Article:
So part of my daily practice became a focus on gratitude.

I started to frame my prayers in terms of gratitude (thank you for….).

I started to write out gratitude lists every day. I would brainstorm more and more reasons to be grateful.

And this was what I redirected my brain to when I noticed the self pity. The solution was to be grateful instead. It was the antidote to the self pity (poison).

So that is just one example of how to let go of something negative.

First I had to get sober.

Second I had to figure out what the negativity was in my life. In my case it was self pity. Your case may be different. Maybe it will be guilt, or shame, or resentment, or fear. You may need someone else to help you identify what your problem is.

Third I had to take action. I had to decide to eliminate the problem and take action against it.

Keep in mind that raising your awareness will almost always be a part of this process.

I have 3 quick tips for you to raise your awareness:

1) Write in a journal every day.
2) Exercise every day (consult your doctor first of course).
3) Meditate every day. No rules, just sit quietly with eyes closed for 5 minutes and watch your thoughts. Don’t judge them. Just watch them come and go. You will never achieve a perfectly empty mind over 5 minutes. But watching your thoughts has value.

Eliminating unhappiness versus chasing happiness

You may be wondering:

What is the point of all of this hard work? Why not just cut to the chase, and go right after happiness directly?

Why not just get sober, figure out what you want in life, and focus on the positive?

Won’t that make me happier?

No it won’t.

I can promise you that you will not find happiness that way. You can’t just quit drinking, seek out happiness, and find it directly.

Happiness is not a goal that you can achieve directly. Instead, it is a by product of healthy living and a return to what I call “the clean slate.”

The clean slate is what you want to create in your life in early recovery.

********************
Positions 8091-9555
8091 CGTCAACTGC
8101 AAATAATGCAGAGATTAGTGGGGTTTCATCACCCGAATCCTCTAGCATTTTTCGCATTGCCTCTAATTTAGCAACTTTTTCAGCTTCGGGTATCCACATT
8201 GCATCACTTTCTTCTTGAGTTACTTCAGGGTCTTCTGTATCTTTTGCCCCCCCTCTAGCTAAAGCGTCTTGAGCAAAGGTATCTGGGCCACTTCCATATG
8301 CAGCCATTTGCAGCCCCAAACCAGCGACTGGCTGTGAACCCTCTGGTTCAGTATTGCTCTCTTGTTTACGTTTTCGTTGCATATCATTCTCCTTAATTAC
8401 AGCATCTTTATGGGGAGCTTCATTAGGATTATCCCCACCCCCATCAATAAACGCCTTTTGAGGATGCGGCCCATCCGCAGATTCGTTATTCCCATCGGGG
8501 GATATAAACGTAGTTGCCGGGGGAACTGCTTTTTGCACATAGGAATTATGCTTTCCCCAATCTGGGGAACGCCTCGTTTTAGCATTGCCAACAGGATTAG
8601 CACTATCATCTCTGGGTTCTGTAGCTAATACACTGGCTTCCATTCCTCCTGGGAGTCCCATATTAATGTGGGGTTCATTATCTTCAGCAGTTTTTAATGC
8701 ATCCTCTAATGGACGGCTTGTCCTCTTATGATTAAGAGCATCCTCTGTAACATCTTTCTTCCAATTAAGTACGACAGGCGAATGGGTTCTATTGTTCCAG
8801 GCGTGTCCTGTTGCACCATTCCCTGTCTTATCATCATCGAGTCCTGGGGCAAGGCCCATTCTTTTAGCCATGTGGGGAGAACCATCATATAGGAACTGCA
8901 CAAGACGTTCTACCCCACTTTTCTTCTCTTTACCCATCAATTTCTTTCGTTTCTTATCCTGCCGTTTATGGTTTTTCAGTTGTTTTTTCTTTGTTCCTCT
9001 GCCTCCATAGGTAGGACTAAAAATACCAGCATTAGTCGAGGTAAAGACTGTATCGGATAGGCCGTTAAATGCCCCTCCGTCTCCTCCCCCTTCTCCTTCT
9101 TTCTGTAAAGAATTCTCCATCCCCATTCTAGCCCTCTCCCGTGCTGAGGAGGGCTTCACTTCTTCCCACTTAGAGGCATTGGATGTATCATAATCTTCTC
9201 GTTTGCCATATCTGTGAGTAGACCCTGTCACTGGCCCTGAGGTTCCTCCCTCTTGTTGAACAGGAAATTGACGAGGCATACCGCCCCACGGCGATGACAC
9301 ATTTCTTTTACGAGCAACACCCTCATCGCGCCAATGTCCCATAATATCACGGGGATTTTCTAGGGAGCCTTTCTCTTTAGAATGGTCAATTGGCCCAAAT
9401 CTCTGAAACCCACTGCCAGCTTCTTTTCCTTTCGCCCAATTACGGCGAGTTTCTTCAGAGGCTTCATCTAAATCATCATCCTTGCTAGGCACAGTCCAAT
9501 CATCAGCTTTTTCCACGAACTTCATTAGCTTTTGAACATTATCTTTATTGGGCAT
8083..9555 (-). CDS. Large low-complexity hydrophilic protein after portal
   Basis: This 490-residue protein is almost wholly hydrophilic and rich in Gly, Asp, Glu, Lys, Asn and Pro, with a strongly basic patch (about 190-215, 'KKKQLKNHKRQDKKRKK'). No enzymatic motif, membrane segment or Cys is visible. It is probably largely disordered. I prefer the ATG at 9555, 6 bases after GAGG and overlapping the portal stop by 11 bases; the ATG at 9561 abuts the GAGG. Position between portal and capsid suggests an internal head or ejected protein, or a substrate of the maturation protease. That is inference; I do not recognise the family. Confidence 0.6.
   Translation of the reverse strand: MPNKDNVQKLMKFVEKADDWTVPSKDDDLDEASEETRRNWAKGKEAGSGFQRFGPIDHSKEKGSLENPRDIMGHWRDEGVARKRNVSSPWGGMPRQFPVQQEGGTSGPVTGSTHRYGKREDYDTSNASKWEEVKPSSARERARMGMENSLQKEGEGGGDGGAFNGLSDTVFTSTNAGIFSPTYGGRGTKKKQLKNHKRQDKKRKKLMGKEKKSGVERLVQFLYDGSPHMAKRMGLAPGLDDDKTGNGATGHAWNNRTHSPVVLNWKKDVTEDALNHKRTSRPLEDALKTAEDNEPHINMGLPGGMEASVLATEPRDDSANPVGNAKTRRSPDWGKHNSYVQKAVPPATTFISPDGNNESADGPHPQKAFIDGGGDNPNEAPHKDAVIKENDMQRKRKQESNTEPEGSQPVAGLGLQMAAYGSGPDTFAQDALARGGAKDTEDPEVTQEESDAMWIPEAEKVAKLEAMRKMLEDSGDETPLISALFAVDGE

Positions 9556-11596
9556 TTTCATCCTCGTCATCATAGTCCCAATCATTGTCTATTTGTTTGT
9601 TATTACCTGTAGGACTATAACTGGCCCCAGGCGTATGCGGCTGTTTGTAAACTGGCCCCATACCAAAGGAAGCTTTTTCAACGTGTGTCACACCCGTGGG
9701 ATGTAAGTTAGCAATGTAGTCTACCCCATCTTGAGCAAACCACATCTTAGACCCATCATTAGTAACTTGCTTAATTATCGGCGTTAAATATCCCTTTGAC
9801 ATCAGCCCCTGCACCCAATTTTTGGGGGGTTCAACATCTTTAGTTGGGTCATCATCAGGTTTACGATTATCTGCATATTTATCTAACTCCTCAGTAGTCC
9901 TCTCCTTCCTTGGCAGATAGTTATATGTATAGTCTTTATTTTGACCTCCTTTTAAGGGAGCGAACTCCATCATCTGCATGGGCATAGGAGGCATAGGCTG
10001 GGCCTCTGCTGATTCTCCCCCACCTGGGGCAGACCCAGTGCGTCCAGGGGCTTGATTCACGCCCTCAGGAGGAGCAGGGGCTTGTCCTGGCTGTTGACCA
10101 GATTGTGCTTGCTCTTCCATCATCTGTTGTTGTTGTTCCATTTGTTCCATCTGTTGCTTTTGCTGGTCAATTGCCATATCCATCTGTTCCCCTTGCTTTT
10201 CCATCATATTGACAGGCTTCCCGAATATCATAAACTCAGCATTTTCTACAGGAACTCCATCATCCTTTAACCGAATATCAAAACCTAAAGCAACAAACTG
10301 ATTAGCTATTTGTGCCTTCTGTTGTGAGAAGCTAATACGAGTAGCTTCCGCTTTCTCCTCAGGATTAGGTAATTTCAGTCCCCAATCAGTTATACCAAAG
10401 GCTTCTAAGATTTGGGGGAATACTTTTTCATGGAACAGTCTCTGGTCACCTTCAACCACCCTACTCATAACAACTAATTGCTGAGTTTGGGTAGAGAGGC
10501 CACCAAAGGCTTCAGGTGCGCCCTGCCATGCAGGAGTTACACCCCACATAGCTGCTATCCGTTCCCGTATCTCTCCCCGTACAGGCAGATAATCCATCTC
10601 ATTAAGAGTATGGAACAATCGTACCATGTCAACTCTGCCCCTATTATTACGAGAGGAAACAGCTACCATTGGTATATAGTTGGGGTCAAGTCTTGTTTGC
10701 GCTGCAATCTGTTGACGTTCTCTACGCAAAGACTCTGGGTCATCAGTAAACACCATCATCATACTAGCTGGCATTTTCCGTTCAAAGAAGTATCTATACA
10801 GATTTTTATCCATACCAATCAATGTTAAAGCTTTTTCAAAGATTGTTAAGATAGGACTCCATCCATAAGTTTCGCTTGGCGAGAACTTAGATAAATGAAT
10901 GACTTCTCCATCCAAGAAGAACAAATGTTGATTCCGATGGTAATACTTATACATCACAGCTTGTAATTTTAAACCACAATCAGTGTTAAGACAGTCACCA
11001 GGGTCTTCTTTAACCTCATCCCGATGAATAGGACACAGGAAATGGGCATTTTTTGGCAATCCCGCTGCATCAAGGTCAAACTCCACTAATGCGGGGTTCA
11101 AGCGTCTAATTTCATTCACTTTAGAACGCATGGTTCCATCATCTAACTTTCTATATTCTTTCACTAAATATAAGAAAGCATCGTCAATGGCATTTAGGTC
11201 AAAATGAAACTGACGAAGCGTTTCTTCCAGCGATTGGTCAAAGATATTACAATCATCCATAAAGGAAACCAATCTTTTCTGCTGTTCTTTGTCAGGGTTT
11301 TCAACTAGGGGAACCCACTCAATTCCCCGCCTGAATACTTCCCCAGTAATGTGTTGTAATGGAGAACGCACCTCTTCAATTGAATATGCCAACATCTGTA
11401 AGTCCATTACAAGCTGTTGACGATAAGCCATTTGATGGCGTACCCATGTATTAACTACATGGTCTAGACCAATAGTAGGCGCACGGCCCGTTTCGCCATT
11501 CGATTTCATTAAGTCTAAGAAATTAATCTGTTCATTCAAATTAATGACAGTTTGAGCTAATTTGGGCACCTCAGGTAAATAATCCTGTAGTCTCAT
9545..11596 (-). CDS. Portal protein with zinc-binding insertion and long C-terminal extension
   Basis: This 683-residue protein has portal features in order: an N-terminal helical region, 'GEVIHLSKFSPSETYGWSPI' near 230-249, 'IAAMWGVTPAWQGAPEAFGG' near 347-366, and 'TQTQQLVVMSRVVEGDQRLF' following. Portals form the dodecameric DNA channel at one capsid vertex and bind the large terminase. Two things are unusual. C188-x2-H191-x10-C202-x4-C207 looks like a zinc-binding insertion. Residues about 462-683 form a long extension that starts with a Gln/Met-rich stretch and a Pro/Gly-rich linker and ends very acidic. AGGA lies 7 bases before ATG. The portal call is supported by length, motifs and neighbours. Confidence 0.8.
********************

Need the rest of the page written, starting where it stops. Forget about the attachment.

The clean slate would be your mind without all of the negative garbage floating around up there.

You see, our natural state is to be happy. We are normally content.

We have learned to be unhappy.

So if you want to chase happiness directly you will never really find it. The goal post will just keep moving after you fool yourself into reaching your current goal.

As in: “If I just get this perfect job for me, I will finally be happy!” Then you get the job in question, and a month later you are unhappy again.

What happened? The goal post moved!

This is the problem with chasing happiness as a goal. The finish line will always be moving further ahead. You will never “arrive.”

The key, instead, is to choose happiness today, as a part of the process itself.

You can facilitate this by switching your focus to the negative stuff. That sounds pretty weird, right? As I said, it is counter-intuitive. Most people get this backward.

So in early recovery you have lots of stuff going on upstairs. Perhaps everyone has some form of fear in their life. Some of us have shame, guilt, self pity, resentments, anger, fears, and so on.

When you work to achieve the blank slate, you are working to eliminate those negative things.

And then when you do this work you open up the door for happiness to occur naturally in your life.

Because we are never really lacking happiness. We are always happy at the core, it is our natural state.

The problem is we are clouded with unhappiness. We have fear, guilt, shame, anger, and so on.

We have unlearned how to be happy.

So you don’t have to reach any outrageous goals in order to achieve real happiness in sobriety.

You just have to eliminate some of the negative stuff. Create the blank slate.

If you want to strive for something, don’t strive for happiness. Instead, strive for peace. Strive for contentment. Strive for gratitude. If you have those things then happiness will be a result of that state of being.

How to prioritize

So how do you prioritize this journey?